After those factors it got pretty murky. We did choose a Caucasian donor, but his heritage didn't matter hugely. Neither did hair/eye color. We considered his height/weight just because we didn't want somebody too short or gigantic.
We read through many, many essay questions and tried to glean something of what that donor's personality would be like. It's really hard to do that! I mean, these are college guys, so mostly they answer the questions in as short a response possible. Second, I imagine the bank tells the donors to try and sell themselves, so how much faith can I really put in the truth of his response? You can try and take some information from handwriting... but only so much. If any. Really, nothing. We had some things we hoped to see as hobbies/aptitudes/education, but again, only so much you can control.
At the end of it all, we had several donors to choose from. I called the bank and discovered that not only did we like those certain donors, but a lot of other people must too because some didn't have very many vials left, or only had vials in quarantine that wouldn't be released for six months. We wanted to buy twelve vials, so the donors who only had three vials were out. By the time we found two donors we liked very much who both also had a lot of vials available, we were SO tired of trying to decide. We bought the "extended profile"s on the two donors and made a decision on 2145 because his extended medical history was better and he had a more olive skin tone. And because there were stories of several women who got pregnant on their first attempt. And other reasons that fail me right now.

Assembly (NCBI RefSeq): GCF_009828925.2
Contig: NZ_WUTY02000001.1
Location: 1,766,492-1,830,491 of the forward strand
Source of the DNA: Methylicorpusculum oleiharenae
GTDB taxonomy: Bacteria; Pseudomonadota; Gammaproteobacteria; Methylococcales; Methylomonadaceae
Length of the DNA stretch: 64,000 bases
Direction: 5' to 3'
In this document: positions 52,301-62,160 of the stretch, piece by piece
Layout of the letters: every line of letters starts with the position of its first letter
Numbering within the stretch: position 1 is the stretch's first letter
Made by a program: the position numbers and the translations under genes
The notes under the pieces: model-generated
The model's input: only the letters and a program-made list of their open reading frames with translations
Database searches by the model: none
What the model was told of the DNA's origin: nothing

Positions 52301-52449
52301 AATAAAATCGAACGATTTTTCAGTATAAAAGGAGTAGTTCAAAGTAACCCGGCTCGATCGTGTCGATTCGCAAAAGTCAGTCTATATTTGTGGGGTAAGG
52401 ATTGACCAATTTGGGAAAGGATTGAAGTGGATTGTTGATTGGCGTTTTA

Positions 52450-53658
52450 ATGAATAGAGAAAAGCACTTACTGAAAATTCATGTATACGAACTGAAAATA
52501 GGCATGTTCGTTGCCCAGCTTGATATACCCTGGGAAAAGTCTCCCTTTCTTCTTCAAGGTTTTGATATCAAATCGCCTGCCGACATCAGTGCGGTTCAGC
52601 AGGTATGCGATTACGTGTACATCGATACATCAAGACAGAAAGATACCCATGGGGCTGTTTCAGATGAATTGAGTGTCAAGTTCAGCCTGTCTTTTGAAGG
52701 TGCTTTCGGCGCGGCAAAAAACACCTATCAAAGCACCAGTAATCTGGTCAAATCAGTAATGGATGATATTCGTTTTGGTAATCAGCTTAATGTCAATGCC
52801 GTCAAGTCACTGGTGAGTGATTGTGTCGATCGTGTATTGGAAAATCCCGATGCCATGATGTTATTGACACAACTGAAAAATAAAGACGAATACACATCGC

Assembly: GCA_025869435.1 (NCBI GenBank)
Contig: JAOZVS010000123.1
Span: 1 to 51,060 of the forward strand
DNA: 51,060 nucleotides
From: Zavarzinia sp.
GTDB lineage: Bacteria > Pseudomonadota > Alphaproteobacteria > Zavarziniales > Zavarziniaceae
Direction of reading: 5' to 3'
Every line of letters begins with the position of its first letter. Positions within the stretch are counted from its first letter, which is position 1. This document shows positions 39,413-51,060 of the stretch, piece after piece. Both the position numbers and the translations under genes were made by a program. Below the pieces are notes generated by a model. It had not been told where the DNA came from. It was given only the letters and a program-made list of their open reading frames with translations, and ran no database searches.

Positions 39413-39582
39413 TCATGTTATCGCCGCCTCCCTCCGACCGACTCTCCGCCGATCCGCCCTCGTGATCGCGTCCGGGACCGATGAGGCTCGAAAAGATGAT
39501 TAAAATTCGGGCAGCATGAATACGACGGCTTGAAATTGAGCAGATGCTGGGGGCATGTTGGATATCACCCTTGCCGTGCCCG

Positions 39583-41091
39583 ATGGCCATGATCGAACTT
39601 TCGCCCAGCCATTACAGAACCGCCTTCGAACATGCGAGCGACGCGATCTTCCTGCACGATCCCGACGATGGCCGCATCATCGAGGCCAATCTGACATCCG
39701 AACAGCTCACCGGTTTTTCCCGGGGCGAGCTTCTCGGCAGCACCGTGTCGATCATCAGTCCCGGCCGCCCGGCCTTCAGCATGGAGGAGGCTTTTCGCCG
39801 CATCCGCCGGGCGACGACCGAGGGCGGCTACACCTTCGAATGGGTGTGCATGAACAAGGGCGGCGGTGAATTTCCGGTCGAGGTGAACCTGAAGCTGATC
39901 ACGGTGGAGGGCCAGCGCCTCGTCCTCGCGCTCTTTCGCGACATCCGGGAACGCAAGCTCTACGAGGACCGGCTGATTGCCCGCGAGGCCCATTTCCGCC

We'd kind of realized that it's all just a crap shoot. You don't know who you're going to be given to parent, and we can't control what genes come through and which don't. We tried to do the best we could and that had to be enough.
So here's some of the information on our donor:
5'11, 190 lbs
dark brown hair, brown eyes
Norwegian, Maltese, English, German, Irish, and Italian ancestry
Thick, wavy hair, fair complected, medium bone structure, right handed
Enjoys track, football, basketball, soccer, volleyball, weightlifting, and jogging
At the time of donation, this guy was probably 20 or 21. All the vials we've used so far have been from 2009, so we assume he's 23 or 24 now. Since he's young still, his parents are young still and there wasn't much in his family medical history. Maternal grandmother with high blood pressure, a grandfather with a bladder infection, and he and his siblings had acne in high school. Nothing terribly exciting.
I'm not going to transcribe all his short-answer questions; if you're ever THAT curious I'll let you look through his folder someday. :)
Okay! Long enough.
OH! I forgot, real quick, to mention that we've already found a donor sibling. Interestingly, his name is Rhys, which has been on our list of boy names for like two years. But now we won't use it. That would be strange. Half-brothers with the same name who were raised states apart. He's very cute! I can't wait to see who is growing inside T.
For serious now, I'm going. Goodnight!